Public Health Emergency - Leading a Nation Prepared
Bioincidents can dramatically affect the nation—including impacts on health and wellbeing, agriculture production, the food supply, critical infrastructure, and the economy. The Federal Bureau of Investigation (FBI) Weapons of Mass Destruction Directorate (WMDD) works with federal agencies and SLTT governments, the private sector, academia, and international partners to prevent and mitigate threats associated with the intentional misuse of biological materials. These efforts position biodefense stakeholders—at all levels of government and the private sector—to prevent such cases that could affect our citizens’ health directly or indirectly by adversely affecting our farms or food-manufacturing infrastructure.
Working in collaboration, the FBI WMDD and Centers for Disease Control and Prevention (CDC) within HHS filled a critical gap identified in the wake of the anthrax investigation in 2001 by establishing the Crim-Epi Investigations Model for multi-sectoral collaboration and information sharing. The Crim-Epi Model has become not only the gold standard for public health and law enforcement collaboration in the United States, but international partners, such as the International Criminal Police Organization, have adapted this model. Additionally, the Animal-Plant Health (APH) Joint Crim-Epi Investigations course was designed to incorporate the principles of law enforcement and animal and plant health investigations and represents a collaborative effort among FBI, United States Department of Agriculture (USDA) Animal and Plant Health Inspection Services (APHIS) Veterinary Services, and Oklahoma State University. The APH Joint Crim-Epi Model was shared with the 182 countries of the Biological and Toxin Weapons Convention (BWC) 2019 Meetings of Experts.3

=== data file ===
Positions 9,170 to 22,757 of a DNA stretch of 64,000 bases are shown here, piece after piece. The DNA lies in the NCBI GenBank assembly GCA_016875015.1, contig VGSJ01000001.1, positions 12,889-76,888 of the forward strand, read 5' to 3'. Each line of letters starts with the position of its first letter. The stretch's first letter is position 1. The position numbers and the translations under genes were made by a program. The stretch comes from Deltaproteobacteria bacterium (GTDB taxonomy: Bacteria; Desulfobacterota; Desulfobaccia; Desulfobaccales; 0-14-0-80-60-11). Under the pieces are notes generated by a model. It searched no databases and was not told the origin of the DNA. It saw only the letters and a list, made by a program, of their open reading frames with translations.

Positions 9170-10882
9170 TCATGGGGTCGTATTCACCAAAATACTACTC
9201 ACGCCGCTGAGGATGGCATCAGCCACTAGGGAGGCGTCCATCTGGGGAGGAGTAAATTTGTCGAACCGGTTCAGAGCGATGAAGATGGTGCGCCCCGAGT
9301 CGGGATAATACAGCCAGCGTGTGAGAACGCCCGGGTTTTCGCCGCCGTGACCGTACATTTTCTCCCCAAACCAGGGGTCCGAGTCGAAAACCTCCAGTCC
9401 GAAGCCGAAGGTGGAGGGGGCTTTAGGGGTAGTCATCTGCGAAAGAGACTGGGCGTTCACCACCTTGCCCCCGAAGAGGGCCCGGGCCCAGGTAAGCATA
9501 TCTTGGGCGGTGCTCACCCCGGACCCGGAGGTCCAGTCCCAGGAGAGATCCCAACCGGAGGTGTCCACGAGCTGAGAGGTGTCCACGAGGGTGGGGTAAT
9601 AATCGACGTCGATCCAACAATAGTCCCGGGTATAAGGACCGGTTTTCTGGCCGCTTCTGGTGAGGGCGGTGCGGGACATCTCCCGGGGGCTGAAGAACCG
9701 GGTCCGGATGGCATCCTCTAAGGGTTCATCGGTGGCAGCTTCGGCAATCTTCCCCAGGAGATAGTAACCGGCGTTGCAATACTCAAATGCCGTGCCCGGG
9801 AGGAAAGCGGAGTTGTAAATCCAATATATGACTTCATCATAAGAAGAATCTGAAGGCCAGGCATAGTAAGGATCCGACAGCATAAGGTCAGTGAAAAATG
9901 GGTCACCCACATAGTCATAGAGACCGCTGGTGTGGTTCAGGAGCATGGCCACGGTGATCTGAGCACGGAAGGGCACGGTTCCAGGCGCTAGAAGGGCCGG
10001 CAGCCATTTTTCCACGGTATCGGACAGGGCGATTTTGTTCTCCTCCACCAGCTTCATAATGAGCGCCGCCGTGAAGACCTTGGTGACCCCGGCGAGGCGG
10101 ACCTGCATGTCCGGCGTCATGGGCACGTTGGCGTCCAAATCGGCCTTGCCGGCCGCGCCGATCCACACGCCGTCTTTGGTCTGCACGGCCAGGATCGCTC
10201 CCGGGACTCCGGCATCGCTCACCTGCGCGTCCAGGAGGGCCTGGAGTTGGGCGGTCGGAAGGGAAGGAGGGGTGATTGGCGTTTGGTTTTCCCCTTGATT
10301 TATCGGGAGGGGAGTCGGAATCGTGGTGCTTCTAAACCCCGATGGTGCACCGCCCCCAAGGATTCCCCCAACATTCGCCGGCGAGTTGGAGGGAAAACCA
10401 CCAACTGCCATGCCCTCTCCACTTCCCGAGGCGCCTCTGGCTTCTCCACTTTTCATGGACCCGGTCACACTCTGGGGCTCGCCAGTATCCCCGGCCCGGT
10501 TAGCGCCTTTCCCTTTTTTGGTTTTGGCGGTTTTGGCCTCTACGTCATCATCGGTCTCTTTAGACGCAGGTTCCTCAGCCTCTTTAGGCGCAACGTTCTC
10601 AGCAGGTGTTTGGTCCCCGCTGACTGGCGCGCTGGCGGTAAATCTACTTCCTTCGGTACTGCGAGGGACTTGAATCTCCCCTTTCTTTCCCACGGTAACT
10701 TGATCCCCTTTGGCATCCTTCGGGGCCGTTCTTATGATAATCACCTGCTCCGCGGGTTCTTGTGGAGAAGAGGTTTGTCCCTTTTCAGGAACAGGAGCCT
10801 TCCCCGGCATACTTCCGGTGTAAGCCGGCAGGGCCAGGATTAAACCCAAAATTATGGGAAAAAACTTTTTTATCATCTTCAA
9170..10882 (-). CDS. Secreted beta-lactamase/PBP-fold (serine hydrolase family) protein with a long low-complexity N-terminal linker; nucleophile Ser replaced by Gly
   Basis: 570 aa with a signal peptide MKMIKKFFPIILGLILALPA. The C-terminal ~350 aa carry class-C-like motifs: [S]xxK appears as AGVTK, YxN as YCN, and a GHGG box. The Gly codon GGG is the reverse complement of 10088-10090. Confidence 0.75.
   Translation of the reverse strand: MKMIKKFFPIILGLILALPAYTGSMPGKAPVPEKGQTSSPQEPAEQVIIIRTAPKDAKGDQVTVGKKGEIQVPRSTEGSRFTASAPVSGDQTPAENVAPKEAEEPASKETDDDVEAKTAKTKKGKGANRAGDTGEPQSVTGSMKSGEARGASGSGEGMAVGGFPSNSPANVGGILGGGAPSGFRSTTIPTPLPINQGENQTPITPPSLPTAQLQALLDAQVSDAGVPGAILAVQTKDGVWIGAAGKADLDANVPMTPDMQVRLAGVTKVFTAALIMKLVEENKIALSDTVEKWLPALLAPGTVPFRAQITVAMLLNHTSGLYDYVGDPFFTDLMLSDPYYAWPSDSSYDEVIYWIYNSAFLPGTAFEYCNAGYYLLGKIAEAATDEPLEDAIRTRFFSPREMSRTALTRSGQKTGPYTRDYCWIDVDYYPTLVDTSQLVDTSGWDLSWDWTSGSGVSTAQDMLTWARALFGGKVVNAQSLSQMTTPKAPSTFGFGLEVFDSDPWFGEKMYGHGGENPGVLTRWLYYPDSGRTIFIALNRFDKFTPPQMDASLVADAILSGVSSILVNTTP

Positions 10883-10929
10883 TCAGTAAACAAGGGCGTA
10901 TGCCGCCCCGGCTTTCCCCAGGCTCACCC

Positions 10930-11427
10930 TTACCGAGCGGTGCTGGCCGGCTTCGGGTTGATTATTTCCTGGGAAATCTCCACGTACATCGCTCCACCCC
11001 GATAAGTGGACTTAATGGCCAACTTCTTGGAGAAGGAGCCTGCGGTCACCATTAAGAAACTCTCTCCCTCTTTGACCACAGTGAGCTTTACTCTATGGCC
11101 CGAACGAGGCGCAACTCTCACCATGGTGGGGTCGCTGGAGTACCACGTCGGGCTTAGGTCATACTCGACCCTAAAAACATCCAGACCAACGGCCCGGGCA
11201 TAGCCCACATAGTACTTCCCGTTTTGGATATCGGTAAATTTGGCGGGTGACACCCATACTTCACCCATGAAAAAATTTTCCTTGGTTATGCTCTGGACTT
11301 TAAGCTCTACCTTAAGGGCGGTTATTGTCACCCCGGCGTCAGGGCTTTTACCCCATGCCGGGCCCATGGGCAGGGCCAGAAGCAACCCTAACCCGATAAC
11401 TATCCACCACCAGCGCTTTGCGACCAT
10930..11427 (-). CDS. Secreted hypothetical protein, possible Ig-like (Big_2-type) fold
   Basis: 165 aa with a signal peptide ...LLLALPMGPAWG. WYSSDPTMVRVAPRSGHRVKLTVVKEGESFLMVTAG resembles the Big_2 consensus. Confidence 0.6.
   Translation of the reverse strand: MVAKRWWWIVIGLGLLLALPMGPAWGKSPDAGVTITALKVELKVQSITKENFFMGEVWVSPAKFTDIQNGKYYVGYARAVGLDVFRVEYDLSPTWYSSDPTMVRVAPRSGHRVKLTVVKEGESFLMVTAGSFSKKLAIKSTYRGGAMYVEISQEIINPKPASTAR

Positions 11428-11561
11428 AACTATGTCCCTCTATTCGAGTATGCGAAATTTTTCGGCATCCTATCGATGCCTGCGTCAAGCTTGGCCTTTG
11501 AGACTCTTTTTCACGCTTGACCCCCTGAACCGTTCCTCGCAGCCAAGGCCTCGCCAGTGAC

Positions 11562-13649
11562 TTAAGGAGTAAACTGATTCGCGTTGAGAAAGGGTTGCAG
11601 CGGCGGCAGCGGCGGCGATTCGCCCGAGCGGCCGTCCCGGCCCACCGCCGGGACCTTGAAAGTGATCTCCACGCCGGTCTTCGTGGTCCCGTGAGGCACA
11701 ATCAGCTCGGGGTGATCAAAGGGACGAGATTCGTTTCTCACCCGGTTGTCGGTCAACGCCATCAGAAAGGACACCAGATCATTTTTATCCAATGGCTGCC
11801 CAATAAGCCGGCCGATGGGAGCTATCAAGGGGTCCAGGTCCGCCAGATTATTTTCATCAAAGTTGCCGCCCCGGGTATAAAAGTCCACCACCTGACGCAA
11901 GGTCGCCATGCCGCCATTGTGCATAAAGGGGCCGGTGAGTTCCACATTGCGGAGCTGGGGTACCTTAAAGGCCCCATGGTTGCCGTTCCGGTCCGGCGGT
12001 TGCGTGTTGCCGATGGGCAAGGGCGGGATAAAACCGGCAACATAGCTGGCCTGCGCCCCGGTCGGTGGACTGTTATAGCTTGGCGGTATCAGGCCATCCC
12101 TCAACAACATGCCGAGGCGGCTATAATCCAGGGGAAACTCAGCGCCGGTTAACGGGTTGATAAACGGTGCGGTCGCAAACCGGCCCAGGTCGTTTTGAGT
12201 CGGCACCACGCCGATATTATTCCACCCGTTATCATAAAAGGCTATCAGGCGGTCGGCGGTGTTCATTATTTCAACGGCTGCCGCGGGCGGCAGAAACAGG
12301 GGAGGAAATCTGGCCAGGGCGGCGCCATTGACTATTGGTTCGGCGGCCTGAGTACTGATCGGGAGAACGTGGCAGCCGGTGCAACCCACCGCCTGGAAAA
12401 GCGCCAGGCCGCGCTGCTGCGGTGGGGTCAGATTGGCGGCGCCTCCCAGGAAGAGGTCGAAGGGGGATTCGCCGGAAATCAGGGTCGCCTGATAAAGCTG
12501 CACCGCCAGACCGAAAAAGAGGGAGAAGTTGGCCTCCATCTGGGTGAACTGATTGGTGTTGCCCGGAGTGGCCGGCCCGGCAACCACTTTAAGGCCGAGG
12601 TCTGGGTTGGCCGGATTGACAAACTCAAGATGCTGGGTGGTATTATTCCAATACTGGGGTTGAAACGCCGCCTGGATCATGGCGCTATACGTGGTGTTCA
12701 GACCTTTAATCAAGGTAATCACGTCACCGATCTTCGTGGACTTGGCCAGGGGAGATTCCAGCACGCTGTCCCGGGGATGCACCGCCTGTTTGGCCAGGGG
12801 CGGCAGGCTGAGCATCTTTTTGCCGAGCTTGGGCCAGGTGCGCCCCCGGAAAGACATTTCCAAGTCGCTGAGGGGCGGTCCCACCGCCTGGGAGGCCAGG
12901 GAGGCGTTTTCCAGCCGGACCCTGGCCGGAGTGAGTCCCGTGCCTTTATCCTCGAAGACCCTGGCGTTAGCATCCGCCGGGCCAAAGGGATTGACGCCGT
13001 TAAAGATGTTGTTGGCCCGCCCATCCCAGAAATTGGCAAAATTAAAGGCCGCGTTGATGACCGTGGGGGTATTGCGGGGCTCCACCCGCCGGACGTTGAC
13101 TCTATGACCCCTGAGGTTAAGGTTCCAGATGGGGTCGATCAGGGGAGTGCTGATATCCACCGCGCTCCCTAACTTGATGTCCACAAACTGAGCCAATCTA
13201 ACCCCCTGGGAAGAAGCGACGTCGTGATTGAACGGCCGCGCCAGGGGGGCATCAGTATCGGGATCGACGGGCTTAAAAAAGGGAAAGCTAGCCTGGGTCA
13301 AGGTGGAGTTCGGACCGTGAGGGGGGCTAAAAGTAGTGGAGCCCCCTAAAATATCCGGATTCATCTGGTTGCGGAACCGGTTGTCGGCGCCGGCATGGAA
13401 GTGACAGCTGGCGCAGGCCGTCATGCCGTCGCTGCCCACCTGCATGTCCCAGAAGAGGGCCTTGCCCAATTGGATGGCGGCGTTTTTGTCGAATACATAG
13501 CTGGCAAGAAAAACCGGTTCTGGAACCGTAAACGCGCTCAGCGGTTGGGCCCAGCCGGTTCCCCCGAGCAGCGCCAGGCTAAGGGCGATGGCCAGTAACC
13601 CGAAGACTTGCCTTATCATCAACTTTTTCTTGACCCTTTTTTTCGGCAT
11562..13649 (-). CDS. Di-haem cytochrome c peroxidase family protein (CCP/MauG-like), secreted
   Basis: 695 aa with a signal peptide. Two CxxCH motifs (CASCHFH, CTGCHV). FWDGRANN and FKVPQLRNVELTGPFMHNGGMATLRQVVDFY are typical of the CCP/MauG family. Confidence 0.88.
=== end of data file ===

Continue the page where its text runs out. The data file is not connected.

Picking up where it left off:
Whether dealing with a bioterrorism attack or a newly emerging epidemic, early awareness that a potential bioincident is happening in a community provides the opportunity for a more rapid assessment of the situation and earlier response, potentially saving lives. The Department of Homeland Security’s (DHS) NBIC is one example of work across the federal government to provide early awareness tools to federal and SLTT officials.
In partnership with the University of North Carolina, NBIC oversaw the development of the National Collaborative for BioPreparedness program, which deployed a nationwide adaptable framework that gives users an aggregated view of syndromic data allowing for the detection of unusual syndromes that may be indicative of a larger concern. This allows entities at every level of government to assess emerging biological threats through analytics and visualization of anomalous trends in emergency medical services data. The application of this framework has been applied to biological threats and other issues such as the opioid epidemic, hospital availability during disasters, and motor vehicle crashes in 41 states; the framework is currently covering 56 percent of national emergency medical services calls and continues to expand, improving our nation’s ability to detect and respond to bioincidents.
Figure 2: Example of seasonal trend of influenza-like illness in the United States over a two-year periodreflected in Emergency Medical Services data
Multidrug-resistant organisms pose a very serious threat to public health and our healthcare system. To better protect our nation from this threat, the Department of Defense (DOD) developed the Multidrug-resistant organism Repository and Surveillance Network (MRSN), to ensure timely identification and communication of natural outbreaks of multidrug-resistant bacteria. MRSN has produced more than 75 reports on outbreaks and has developed a screening protocol for new pathogens, including Candida auris—a pathogen identified as an urgent threat on the threat list in the
2019 CDC Antibiotic Resistance Threats in the United States Report. MRSN supports the protection of our nation’s service members while also guiding the development of new diagnostic and therapeutic MCMs through its repository of well-characterized, clinically relevant organism isolates.
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